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Because your pelvic floor muscles support your bladder, bowel, and other internal pelvic organs, if these muscles are weakened, you might experience a pelvic organ prolapse. This means the pelvic organs have sagged down into the vagina and you may feel or see a bulge, or have a feeling of “heaviness” or of something “protruding” from your vaginal or anal opening. Prolapse affects half of all New Zealand women, and according to Continence NZ, one in 10 Kiwi women have had surgery for prolapse. If you are concerned you might have a prolapse, see your LMC or GP.

What can I do about incontinence?

Many “feminine hygiene product” commercials talk about “light bladder leakage” and act as though laying in stock of sanitary towels is your only answer for dealing with incontinence. This “live with it” mentality is out-of-date and unhelpful, and the real answer is, there is help for incontinence – you just need to know where to go.

First, are you doing your pelvic floor exercises? Your pelvic floor muscles won’t “bounce back” on their own following childbirth, so you do need to build up their strength. Health Navigator has some excellent information (and diagrams!) on pelvic floor exercises here.  You can also print out this excellent flier on pelvic floor health and stick it on your bathroom mirror (Flyer).

In some cases, pelvic floor exercises aren’t going to do the trick. So if you feel like pelvic floor exercises aren’t working, or you are unsure if you’re doing them correctly, that’s okay – talk to your LMC (if you’re still under their care) or GP and ask for a referral to a pelvic health physio.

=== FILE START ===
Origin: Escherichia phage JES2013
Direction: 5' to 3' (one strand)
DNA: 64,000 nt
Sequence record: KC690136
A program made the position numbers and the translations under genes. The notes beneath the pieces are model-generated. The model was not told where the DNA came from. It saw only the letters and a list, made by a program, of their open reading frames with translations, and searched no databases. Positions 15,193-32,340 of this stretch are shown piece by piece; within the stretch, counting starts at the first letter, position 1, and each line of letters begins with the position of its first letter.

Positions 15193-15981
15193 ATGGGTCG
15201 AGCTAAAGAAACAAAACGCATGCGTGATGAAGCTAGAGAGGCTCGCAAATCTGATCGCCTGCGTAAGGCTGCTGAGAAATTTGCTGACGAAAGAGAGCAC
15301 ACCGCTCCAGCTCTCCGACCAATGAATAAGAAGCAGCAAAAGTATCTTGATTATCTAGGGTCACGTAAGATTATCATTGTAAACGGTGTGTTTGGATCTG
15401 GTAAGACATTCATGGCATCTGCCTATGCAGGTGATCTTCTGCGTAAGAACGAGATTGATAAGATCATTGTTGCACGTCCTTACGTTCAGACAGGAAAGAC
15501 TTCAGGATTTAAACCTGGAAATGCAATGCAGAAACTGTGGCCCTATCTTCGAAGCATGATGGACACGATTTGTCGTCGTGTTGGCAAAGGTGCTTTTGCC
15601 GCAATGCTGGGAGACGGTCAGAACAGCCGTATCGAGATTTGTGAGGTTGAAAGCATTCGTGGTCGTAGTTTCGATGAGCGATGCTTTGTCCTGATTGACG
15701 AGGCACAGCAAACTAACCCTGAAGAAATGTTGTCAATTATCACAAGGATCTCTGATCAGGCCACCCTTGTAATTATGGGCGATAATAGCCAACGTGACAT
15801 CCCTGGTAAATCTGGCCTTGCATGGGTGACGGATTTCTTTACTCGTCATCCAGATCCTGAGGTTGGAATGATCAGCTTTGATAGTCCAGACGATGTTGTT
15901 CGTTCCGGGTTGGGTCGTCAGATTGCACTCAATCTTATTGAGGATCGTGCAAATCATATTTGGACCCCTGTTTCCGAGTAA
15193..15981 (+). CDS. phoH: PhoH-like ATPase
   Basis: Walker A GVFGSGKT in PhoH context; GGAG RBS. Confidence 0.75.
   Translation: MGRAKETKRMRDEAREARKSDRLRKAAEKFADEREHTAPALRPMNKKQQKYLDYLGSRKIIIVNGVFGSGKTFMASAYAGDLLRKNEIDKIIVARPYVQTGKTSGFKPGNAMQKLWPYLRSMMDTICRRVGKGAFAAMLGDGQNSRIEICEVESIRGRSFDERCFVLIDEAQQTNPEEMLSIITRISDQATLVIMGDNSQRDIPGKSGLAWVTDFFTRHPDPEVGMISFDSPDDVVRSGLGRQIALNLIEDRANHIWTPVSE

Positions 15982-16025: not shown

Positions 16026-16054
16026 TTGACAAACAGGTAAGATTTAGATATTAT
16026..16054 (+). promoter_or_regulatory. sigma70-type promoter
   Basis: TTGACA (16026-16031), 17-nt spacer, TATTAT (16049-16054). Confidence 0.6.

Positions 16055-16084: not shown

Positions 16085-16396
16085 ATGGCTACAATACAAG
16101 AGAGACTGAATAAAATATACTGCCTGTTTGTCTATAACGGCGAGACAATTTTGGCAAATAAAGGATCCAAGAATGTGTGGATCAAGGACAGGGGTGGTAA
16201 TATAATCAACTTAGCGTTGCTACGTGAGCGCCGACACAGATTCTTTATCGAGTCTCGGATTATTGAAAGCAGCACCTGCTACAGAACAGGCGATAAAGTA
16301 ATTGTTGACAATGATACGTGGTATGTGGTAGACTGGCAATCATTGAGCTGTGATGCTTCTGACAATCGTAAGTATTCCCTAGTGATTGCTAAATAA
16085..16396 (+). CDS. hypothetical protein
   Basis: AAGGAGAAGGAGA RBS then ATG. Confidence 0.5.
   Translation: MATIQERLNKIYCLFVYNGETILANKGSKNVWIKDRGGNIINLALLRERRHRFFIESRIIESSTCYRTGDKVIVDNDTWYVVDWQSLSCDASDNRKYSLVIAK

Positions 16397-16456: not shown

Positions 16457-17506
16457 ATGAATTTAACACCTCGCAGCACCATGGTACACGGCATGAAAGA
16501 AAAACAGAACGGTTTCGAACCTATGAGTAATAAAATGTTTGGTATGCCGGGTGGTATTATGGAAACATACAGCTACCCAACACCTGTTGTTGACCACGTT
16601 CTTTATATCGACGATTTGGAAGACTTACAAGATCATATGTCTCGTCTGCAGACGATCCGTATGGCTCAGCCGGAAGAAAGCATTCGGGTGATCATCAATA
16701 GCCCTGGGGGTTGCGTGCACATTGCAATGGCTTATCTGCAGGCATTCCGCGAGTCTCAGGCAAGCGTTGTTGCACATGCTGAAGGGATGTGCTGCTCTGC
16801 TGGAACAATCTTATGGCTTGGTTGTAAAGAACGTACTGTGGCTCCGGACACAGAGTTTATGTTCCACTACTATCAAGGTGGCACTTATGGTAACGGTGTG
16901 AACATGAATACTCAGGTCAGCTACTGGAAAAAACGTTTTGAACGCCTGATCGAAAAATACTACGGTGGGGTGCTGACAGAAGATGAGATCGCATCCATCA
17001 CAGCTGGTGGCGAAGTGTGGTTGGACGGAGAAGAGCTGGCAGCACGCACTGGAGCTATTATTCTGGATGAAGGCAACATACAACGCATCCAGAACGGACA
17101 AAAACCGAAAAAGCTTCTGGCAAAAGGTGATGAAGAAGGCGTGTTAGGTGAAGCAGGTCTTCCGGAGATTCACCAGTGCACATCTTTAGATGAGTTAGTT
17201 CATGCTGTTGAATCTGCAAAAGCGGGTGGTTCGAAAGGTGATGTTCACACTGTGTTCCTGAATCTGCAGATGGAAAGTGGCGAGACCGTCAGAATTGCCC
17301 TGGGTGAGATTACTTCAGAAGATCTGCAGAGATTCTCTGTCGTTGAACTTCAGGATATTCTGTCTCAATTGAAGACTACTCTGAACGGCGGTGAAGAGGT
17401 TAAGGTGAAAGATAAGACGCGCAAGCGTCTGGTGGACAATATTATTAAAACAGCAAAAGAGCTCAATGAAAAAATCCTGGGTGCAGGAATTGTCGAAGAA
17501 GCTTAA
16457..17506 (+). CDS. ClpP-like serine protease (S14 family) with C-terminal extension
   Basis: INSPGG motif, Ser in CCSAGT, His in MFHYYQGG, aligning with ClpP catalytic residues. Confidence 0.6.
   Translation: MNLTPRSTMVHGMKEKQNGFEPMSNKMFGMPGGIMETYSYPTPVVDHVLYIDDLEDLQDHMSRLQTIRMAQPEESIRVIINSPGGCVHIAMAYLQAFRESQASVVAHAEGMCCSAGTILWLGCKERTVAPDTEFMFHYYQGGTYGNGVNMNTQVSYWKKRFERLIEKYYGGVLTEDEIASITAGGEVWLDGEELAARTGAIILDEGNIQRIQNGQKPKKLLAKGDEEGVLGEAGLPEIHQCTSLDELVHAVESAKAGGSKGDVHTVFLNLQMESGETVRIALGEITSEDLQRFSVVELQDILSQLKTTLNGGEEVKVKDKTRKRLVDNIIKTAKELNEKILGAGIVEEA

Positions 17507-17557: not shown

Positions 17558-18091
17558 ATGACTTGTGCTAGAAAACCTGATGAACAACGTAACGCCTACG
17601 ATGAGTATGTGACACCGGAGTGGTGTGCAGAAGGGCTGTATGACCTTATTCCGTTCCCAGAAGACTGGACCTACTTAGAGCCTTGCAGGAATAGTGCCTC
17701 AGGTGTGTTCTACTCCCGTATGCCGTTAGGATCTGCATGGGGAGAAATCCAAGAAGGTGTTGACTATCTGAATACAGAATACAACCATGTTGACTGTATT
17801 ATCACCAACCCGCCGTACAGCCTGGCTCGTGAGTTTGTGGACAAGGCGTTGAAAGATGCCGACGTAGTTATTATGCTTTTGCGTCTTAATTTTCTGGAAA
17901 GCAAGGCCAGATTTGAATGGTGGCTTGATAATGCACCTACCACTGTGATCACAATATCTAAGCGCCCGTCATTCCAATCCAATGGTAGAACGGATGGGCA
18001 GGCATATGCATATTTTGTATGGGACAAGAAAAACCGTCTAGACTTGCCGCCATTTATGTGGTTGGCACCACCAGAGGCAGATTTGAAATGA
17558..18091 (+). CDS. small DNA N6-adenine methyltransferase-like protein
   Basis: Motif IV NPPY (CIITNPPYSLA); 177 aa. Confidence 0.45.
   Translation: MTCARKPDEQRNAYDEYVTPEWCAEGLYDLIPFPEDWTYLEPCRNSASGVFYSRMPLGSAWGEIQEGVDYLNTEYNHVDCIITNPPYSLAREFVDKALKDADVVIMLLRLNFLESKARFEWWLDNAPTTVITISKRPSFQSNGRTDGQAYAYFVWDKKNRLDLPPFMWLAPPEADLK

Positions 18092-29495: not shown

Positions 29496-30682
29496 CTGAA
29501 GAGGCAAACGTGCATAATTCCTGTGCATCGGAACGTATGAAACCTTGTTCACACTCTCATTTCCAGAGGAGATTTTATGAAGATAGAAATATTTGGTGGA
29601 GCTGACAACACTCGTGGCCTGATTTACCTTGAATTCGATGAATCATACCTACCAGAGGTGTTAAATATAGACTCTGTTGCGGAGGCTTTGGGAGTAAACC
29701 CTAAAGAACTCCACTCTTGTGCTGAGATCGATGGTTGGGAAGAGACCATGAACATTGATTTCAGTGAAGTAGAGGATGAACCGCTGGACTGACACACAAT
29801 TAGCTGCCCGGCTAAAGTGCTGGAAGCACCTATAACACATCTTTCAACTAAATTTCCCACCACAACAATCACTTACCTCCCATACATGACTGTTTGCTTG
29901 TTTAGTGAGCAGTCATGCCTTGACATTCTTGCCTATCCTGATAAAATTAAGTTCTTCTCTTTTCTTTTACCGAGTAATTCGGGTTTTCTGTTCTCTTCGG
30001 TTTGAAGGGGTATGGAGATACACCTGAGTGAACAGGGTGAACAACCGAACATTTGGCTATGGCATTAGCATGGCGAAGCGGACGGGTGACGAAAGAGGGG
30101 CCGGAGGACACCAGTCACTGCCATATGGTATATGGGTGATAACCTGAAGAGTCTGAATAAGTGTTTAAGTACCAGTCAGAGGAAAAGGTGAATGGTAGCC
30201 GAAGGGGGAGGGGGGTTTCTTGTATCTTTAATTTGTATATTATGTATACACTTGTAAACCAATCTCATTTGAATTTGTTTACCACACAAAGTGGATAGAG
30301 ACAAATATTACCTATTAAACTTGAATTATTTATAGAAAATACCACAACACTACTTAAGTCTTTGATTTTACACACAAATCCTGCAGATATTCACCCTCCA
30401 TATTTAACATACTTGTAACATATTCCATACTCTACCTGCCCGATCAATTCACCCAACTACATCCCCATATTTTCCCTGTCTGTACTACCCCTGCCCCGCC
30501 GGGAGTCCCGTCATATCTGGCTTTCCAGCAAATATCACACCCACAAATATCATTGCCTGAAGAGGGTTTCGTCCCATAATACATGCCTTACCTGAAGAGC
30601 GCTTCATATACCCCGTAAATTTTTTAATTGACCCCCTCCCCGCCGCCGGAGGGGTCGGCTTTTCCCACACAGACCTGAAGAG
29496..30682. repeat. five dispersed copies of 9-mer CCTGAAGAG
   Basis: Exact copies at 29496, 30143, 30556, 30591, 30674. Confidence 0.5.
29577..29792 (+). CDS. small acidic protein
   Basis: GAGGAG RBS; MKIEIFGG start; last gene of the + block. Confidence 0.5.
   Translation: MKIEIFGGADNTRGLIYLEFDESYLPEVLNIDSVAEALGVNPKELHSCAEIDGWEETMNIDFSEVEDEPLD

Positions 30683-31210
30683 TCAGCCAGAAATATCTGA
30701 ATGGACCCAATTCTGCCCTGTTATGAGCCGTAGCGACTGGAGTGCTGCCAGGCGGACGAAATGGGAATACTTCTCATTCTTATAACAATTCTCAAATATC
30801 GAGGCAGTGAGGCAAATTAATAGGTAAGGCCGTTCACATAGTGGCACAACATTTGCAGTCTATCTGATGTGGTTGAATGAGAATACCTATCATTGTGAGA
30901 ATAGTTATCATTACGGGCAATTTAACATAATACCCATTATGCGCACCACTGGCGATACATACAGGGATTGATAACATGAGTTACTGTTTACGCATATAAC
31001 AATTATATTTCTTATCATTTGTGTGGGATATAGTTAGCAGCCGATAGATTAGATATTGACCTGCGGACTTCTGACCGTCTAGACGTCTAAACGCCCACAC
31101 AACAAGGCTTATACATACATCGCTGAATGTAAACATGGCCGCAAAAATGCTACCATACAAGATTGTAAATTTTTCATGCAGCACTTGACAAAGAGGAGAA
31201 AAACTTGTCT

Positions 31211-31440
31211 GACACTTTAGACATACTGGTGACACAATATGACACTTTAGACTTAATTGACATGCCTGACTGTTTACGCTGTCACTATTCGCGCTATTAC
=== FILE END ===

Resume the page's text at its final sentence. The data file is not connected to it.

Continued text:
Pelvic health physios are specially trained physiotherapists with professional expertise in pelvic floor health and continence. When you visit a pelvic health physiotherapist, they may do an internal examination to check your pelvic floor muscles, and may ask you to squeeze or contract these muscles while they examine you. The examination will take place with gloves, possibly a speculum (that contraption that’s used to open the vagina when you have a smear test), and you will be laying on an absorbent pad with a sheet or towels draped over you to help preserve your dignity. It may be uncomfortable at first, and you may be fearful of leaking urine in front of the pelvic health physio. But there is nothing to be ashamed of – they will not judge you or be disgusted, as this is their job and they want to help you (and they have seen it all before, as they will tell you!).

Many hospitals have continence services or continence nurses, who can help you to locate a pelvic health physiotherapist if your GP isn’t able to refer you. You can call your local hospital and ask to be put through to this service.

Continence NZ ( has a range of helpful information on their website, along with a free helpline you can call for advice and information – 0800 650 659.

 At-home hints

Here are some other things you can do to help prevent incontinence:

  • Stay hydrated. Don’t reduce the amount of water you’re drinking because you think it will help you to urinate less. Your body needs to drink around 2L of water each day to keep healthy.
  • Do appropriate exercise. Trying to over-exercise, lifting heavy weights, or putting a lot of pressure on your pelvic floor when you’re exercising may make things worse or prevent your pelvic floor muscles from strengthening.
  • Avoid constipation and straining on the toilet. Take a laxative or stool softener if needed – talk to your GP about one appropriate for you.
  • If you need to, support your vagina with your hand to try to stop it from stretching too much as you bear down.
  • Try crossing your legs together before you cough, sneeze, laugh etc.
  • Take care of yourself. Continue with gentle exercises, resting, self-care, and self-compassion. Incontinence is not your fault, and you need to heal your mental wounds and shame along with your body.

Incontinence is not something you should be ashamed of, or something you should just learn to live with. You should seek help and advice if you’re experiencing incontinence – it’s much more common than you think.